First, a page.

Intellectual Property

Google Books: (un)fair use and its implications for Australia

By Sabiene Heindl, SWH Legal & Business Consulting


Over 10 years on and finally the Google Books saga has drawn its last breath. The US Supreme Court rejected an application by the Authors Guild of America (AGA) and other individual writers to challenge the earlier Google Books decisions in lower courts. 

The Google battle for the books

In 2004, Google announced its lofty goal to scan all English books — including those out of copyright (pre-1923 at the time of the first scanning exercise), those in copyright and in print and those in copyright but out of publication. Google’s “Library Project” [1] has seen it scan over 20 million entire books from libraries without the permission of rights holders. 

On 20 September 2005, the AGA brought a class action suit against Google for copyright infringement. They were later joined in the action by the Association of American Publishers (the AAP). The class action was based on the argument that Google had engaged in massive copyright infringement. Following a number of legal skirmishes, a little over 3 years later the parties reached a settlement. This was to be the first. It was subsequently amended in November 2009. The terms of this latter settlement were struck down by the court. 

In November 2012, Google announced that it had settled its litigation with the AAP (the Google Book Settlement). The terms of the settlement were confidential. However, some hypothesised that the size of the settlement must have been greater than the original US$125 million offered to the publishers earlier. However, the “elephant in the room” of the Google Book Settlement was the authors themselves. 

Initial judgment

On 14 November 2013, Chin J of the District Court concluded that Google was entitled to rely on the defence of “fair use” under s 107 of the US Copyright Law to the allegation of copyright infringement. [2]

His Honour went on to find Google’s conduct constituted “fair use” on the basis of the following.

  • Purpose and character of use — Google’s use of the works was “highly transformative”, [3] particularly with its comprehensive word index that had become an essential tool for scholars, researchers and libraries and the snippets that allowed people to better find and locate books. It also transformed the use of books for data mining purposes. Importantly, his Honour held that Google books did not supersede or supplant books, because it was not a tool to “read books”.[4] 
  • Nature of copyrighted works — the fact that the works were books, including fiction and nonfiction, in-print and out-of-print, published and available, favoured the finding of fair use.[5]
  • Amount and substantiality of proportion used — despite the fact that Google was scanning entire books, his Honour held it was critical that it limited the amount of text that it displayed in the results of a search. Scanning entire books was critical to the functioning of the full-text searching of books.[6] 
  • Effect of use upon potential market or value — his Honour rejected the plaintiffs’ claims that Google Books negatively impacted the market for books including in terms of sales, stating that Google did not sell scans and the scans were not books.[7]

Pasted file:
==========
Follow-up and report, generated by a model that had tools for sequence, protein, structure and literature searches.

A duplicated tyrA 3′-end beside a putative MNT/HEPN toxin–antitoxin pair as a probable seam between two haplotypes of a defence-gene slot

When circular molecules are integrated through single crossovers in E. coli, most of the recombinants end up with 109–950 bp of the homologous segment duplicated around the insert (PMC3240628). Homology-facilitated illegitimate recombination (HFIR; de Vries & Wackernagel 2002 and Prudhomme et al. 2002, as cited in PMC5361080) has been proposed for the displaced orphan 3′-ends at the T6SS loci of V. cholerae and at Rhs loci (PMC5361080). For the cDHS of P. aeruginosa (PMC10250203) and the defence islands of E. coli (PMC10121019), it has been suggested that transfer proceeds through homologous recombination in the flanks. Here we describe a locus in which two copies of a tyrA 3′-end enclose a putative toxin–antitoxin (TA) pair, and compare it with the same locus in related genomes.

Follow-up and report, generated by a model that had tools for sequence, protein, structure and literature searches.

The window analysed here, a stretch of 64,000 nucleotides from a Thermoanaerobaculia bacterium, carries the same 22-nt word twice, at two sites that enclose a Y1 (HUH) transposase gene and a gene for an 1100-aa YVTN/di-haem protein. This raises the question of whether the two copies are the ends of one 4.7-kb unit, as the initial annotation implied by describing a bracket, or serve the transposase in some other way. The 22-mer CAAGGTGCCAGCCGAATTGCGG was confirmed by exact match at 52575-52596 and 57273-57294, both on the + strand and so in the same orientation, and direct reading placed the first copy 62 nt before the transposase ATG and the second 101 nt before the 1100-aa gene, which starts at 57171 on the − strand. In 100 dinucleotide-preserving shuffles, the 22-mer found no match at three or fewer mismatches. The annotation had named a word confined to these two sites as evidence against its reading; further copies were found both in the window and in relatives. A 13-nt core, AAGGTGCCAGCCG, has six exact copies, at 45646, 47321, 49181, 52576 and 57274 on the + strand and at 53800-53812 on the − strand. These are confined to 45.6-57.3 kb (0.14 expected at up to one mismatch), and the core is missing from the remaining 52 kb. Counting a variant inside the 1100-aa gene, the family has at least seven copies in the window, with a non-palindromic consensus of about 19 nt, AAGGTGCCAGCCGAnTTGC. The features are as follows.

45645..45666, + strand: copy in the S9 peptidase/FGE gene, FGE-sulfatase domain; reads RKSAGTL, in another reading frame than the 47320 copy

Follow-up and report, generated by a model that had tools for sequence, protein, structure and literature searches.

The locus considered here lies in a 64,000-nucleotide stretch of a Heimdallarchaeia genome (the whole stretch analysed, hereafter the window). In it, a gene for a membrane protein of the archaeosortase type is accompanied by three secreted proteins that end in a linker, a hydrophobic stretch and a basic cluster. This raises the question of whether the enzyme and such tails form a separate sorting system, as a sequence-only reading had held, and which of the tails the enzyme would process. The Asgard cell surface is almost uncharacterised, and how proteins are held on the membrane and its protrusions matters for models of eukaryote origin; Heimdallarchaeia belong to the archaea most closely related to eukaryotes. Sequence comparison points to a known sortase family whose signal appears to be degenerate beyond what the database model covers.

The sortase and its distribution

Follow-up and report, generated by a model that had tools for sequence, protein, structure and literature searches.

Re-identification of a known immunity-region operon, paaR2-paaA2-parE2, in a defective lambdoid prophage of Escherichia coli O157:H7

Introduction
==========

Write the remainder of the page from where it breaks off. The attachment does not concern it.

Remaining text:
Decisions of the Second Circuit

In 2015, the Second Circuit Court of Appeal affirmed the decision of the lower courts in the Google Books decision.[8]

AGA appeal to the US Supreme Court

In its appeal to the US Supreme Court on 31 December 2015, the AGA argued that the interpretation of the Second Circuit effectively nullified the four statutory fair use factors in US copyright legislation.

Four questions were posed to the US Supreme Court:

  • whether, in order to be “transformative” under the fair-use exception to copyright, the use of the copyrighted work must produce “new expression, meaning, or message,” or whether the verbatim copying of works for a different, non-expressive purpose can be a transformative fair use;
  • whether the Second Circuit’s approach to fair use improperly makes “transformative purpose” the decisive factor, replacing the statutory four-factor test applied by the Seventh Circuit in other decisions;
  • whether the Second Circuit erred in concluding that a commercial business may evade liability for verbatim copying by arguing that the recipients of those copies will use them for lawful and beneficial purposes, a rationale that has been flatly rejected by the Sixth Circuit; and
  • whether a membership association of authors may assert copyright infringement claims on behalf of its members.

On 18 April 2016, the US Supreme Court dismissed the application.

Implications for Australia

There is little doubt that the Google Book’s very broad interpretation of “fair use” could have far reaching ramifications for innovative business content models in the United States.

These ramifications may potentially extend across the Pacific. On 29 April 2016, the Productivity Commission recommended that the Australian Government introduce a US-style fair use exception into Australian law. This follows similar recommendations by the Australian Law Reform Commission in 2014. While it is not clear yet whether US-style fair use will have a place in Australian jurisprudence, the potential appears ever closer, meaning that similar projects to Google Books could be legitimately undertaken on Australian soil.

(1) Authors Guild v Google Inc 954 F Supp 2d 282 (SDNY 2013), pp 7–9.
(2) Above.
(3) Above n 1, p 19.
(4) Above n 1, p 21.
(5) Above n 1, pp 22–23.
(6) Above n 1, p 23.
(7) Above n 1, p 24.
(8) Authors Guild v Google Inc 804 F.3d 202 (2d Cir 2015), following Authors Guild v Google Inc 721 F.3d 132 (2d Cir 2013).

Note: This is an extract from Australian Intellectual Property Law Bulletin Vol 29 No 6